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CSR shouldn’t be an ‘afterthought,’ say Temple business students

Temple Net Impact Members
Millennials care about mission. They’re interested in impact investingThey’re starting social enterprises.

Simply put, millennials are leading the social impact charge. So, how can universities better support those pursuits?

I got a sense of the answer to that last Friday when speaking to a handful of socially minded undergrads at Temple’s Fox School of Business about CSR, social enterprises and the social impact ecosystem of Philadelphia. It was a meeting of Temple’s Net Impact undergraduate chapter, which seeks to “improve the world by growing and strengthening a network of leaders who use the power of business to make a positive net social, environmental, and economic impact.” (NBD.)

Because we’re focusing some of our reporting on CSR this month, I wanted to ask these students about why topics such as sustainability and social responsibility are important to them — assuming that if they chose to spend their free time at Net Impact meetings, they did, indeed, care about these topics — and what CSR practices they expect from future employers.

Here’s what six undergrads studying risk management, actuarial science, finance, marketing and human resource management had to say.

Why are you a part of Net Impact? Why are these ideals important to you?

  • “Environmental [best practices] were just always something I valued. I knew I was interested in business but I still wanted to incorporate that and do business for good. [Net Impact] perfectly combined my environmental interests and business interests.”
  • “I’m interested in efficiency and wants things to be done as well as possible, and that led me to sustainability. I wanted to see the bigger picture, and I see business, in its truest sense, as serving the people and serving human need — which is why it was created. I wanted to focus more on creating businesses that help the world.”
  • “This is a good way for us to connect with [socially minded] businesses around the city that we should be supporting, because we have these values of ethics and sustainability. It’s a good way for us to find out about places we might not have heard of otherwise.”
  • “Insurance isn’t the first industry you think about when you think of sustainability and ethics, and I didn’t see where my values overlapped with insurance. This is something I’ve always supported and it’s nice that I can find overlap [at Net Impact].”

What is your ideal work environment when considering CSR programs or a commitment to sustainability? Do you expect that from employers?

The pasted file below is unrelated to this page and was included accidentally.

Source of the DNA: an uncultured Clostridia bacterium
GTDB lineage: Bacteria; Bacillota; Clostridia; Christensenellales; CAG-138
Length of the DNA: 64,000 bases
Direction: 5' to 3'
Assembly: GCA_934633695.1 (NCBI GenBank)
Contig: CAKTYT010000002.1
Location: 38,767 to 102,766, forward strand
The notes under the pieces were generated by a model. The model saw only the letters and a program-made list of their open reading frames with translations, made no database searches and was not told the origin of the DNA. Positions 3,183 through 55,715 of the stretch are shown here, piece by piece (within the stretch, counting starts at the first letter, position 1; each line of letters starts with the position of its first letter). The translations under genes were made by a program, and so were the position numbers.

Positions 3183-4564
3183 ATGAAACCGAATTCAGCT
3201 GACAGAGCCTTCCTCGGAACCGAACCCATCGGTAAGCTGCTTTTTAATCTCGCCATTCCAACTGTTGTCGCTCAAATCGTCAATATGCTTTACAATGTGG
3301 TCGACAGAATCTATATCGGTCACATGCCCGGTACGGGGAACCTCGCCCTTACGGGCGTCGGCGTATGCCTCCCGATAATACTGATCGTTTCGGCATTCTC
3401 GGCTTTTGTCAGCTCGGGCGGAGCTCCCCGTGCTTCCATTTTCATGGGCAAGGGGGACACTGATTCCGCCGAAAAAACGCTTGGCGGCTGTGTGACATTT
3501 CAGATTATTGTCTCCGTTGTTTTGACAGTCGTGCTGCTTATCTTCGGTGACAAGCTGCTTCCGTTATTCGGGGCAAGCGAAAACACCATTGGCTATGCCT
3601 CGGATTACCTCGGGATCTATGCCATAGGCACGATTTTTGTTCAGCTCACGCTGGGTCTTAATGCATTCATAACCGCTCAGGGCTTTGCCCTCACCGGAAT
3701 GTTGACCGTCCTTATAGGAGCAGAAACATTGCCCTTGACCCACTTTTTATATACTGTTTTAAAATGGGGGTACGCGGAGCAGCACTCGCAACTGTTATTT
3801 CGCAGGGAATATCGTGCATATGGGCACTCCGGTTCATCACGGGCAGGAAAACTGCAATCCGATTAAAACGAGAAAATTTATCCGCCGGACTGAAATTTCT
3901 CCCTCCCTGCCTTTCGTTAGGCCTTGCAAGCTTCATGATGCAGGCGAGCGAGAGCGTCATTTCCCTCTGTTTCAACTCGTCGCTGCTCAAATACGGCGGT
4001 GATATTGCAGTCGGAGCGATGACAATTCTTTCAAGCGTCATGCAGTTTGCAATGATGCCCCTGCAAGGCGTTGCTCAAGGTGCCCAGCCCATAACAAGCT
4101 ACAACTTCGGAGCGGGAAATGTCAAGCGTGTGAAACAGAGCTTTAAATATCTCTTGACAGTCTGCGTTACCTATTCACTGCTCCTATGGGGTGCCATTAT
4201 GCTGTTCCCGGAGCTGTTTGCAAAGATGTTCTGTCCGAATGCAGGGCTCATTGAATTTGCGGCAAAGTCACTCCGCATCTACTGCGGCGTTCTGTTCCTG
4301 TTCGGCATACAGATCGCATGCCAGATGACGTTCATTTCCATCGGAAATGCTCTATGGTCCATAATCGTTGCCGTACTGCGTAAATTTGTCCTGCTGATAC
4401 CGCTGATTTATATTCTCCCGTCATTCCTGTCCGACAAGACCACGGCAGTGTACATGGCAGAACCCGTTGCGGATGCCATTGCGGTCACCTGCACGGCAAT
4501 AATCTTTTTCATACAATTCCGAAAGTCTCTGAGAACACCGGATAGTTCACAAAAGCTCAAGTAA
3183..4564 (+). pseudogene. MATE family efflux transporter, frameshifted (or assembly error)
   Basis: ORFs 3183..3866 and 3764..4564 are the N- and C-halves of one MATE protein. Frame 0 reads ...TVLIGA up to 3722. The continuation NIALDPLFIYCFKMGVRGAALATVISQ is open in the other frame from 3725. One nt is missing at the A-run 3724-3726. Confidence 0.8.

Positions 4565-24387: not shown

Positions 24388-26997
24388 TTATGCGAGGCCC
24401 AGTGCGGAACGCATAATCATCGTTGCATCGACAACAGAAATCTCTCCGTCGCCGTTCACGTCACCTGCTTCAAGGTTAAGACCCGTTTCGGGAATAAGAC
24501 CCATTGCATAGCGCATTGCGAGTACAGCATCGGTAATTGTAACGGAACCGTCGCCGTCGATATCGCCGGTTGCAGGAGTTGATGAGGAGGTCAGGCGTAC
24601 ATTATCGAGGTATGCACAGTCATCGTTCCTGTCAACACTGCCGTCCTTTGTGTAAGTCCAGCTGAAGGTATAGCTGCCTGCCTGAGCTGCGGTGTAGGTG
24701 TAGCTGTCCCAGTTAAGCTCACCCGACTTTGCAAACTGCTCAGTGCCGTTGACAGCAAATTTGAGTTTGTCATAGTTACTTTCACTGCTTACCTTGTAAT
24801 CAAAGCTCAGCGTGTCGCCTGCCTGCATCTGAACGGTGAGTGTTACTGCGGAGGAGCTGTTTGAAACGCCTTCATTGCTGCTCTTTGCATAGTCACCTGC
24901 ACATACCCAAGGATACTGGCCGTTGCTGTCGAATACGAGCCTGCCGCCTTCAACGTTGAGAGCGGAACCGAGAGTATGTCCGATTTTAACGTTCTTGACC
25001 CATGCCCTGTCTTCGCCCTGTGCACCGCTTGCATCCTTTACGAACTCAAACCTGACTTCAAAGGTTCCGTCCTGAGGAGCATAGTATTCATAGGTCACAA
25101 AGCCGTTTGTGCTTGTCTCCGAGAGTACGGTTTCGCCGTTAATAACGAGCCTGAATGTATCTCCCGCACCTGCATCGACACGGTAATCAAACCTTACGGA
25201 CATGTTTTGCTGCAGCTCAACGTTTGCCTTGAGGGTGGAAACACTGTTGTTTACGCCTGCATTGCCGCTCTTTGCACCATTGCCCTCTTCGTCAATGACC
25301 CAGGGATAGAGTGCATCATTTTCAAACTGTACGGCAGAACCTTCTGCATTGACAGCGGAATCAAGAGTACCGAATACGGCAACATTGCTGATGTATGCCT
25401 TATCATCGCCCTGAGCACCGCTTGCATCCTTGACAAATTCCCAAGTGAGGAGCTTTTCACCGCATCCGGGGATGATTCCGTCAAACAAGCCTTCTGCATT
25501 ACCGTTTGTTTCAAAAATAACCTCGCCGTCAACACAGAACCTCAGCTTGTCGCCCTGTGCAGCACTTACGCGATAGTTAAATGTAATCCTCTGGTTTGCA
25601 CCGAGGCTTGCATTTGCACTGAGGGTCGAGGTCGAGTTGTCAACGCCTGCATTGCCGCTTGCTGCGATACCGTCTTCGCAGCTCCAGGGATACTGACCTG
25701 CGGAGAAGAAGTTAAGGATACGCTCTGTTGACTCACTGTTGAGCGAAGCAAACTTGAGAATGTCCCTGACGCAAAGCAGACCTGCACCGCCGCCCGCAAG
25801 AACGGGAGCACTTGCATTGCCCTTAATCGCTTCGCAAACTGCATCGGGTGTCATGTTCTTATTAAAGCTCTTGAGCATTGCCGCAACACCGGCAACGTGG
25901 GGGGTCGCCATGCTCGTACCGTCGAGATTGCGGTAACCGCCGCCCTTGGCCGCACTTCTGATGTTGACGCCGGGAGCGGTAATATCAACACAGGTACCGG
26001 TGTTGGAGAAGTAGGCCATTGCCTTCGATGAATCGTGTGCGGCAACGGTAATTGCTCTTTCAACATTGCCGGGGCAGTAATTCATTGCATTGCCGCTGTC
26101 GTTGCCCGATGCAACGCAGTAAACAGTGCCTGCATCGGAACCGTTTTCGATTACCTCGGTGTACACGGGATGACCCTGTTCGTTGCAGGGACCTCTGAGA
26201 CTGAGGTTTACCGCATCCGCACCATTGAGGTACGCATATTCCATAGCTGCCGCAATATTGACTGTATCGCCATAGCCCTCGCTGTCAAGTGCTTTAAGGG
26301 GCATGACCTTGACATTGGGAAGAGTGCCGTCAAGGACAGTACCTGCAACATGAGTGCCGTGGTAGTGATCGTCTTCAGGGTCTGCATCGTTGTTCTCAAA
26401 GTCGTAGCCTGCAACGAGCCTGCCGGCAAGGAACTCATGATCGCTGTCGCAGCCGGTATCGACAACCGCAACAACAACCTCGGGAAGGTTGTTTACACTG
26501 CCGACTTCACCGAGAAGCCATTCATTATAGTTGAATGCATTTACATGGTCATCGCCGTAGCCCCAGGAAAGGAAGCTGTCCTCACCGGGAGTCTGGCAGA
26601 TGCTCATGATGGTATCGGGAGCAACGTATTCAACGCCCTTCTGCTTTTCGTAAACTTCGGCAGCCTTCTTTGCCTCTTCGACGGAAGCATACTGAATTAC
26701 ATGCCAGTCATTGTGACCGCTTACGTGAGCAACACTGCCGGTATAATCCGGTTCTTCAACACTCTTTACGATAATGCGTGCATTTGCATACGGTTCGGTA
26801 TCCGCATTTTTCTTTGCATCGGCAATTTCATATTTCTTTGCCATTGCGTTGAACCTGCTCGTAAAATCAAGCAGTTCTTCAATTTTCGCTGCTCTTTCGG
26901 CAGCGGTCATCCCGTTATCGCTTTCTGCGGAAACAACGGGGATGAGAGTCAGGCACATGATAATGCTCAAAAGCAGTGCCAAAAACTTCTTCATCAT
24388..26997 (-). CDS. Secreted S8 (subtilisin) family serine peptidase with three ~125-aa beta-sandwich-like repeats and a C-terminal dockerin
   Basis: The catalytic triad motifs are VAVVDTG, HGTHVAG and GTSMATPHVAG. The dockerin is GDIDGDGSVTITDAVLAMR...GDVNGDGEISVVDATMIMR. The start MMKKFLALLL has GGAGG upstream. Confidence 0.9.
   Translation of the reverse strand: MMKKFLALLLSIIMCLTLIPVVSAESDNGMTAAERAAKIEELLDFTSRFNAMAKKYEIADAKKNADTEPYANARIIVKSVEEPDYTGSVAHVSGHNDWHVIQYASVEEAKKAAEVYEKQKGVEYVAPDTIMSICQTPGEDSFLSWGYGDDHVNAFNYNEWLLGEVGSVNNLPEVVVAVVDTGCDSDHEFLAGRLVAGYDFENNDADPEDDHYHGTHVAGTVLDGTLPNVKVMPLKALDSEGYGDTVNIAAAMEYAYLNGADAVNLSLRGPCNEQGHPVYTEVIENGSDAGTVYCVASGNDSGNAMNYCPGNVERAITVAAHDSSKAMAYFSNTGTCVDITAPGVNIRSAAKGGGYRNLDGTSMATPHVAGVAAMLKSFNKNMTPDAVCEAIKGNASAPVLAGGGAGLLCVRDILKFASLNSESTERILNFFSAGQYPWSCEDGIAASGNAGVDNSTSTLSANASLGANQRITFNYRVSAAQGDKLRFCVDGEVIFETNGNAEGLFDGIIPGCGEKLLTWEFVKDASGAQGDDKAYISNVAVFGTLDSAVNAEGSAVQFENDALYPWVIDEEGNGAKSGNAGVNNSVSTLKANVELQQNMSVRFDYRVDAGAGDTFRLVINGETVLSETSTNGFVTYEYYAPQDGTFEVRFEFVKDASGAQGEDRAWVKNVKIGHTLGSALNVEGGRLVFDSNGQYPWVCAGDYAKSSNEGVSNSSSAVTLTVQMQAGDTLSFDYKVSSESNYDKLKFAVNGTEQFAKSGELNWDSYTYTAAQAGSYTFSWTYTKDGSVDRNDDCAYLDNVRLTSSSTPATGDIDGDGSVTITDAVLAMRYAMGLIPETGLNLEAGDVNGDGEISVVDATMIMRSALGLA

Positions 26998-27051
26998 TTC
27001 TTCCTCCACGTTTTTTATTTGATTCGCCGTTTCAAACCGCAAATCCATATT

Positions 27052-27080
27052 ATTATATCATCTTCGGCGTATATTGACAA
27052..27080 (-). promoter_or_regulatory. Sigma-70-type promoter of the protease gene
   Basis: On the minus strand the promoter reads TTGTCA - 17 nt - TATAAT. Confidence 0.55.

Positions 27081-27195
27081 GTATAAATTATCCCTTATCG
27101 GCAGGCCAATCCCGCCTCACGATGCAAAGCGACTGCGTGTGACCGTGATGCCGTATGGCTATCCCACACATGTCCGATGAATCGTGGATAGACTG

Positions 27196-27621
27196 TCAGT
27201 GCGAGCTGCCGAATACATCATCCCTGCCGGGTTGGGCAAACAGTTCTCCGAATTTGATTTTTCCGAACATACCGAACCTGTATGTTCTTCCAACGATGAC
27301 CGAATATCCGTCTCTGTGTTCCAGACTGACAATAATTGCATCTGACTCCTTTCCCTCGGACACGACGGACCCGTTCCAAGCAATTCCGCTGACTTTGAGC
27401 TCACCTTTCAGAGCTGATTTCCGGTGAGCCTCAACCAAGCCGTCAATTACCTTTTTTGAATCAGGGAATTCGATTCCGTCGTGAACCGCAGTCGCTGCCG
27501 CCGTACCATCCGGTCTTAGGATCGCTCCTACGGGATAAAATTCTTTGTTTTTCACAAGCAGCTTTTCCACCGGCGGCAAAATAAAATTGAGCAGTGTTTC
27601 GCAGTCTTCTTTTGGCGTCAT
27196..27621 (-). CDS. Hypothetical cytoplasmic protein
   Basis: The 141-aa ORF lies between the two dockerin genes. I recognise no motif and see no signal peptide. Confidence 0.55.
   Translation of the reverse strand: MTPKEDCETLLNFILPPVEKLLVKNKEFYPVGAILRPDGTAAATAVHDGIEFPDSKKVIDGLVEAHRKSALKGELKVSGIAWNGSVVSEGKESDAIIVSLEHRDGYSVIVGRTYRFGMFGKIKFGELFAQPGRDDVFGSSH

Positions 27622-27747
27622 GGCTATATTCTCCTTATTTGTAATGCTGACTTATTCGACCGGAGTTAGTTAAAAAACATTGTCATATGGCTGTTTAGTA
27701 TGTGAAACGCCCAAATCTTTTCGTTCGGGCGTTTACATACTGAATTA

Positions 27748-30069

• “I think a lot of CSR is an afterthought, so I think it should be something [employers] focus on, not just something that’s there to make the company look good or make the employees happy about where they work.”
  • “If a company can have a more active approach, rather than, ‘Oh, we donate this much,’ I think that’s preferable. If it can be more integrated inside of their mission, I think that’s a good thing.”
  • “Definitely being centrally located, or offering incentives for transit passes, rather than being far out in suburban office parks, because as far as sustainability goes, forcing people to drive in to a thousand-space parking lot is the exact opposite of being sustainable.”
  • “I think it’d be beneficial for a lot of employers to have these programs and for the associates to be actively involved. Besides the great it does for the world, I think it’s pretty good for teamwork and bringing people together.”

What do you want to learn about CSR and social enterprises that you aren’t learning in class? What should universities keep in mind when creating business classes?

  • “I think every school should have Business Ethics as a class, but [the subject] should be integrated into your other classes. Let’s talk about accounting — after Enron, there were more regulations and you had to be more transparent. But they don’t really teach you that in accounting. You only learn that in Ethics.”
  • “It could be integrated into more classes. [Professors] could talk about ethics related to that topic.”
  • “I only hear about it in HR [classes]. They talk about employee engagement all the time: ‘Doing well for the community keeps the employees engaged and helps with retention and attraction of the talent pool.’ But that’s literally the only class where I’ve heard anything remotely close to CSR.”
  • “I think it’d be kind of hard to [teach it] in some classes here: It’s a subject, you learn how to do it, and that’s it. A lot of it’s really cut and dry. Integrate [CSR] into some more general courses, some higher-level courses, just to show people it’s an option — ‘You can do it at your company.'”
Date of Publication: 
Wed, 02/15/2017
Publication: 
Generocity
Author: 
Julie Zeglen

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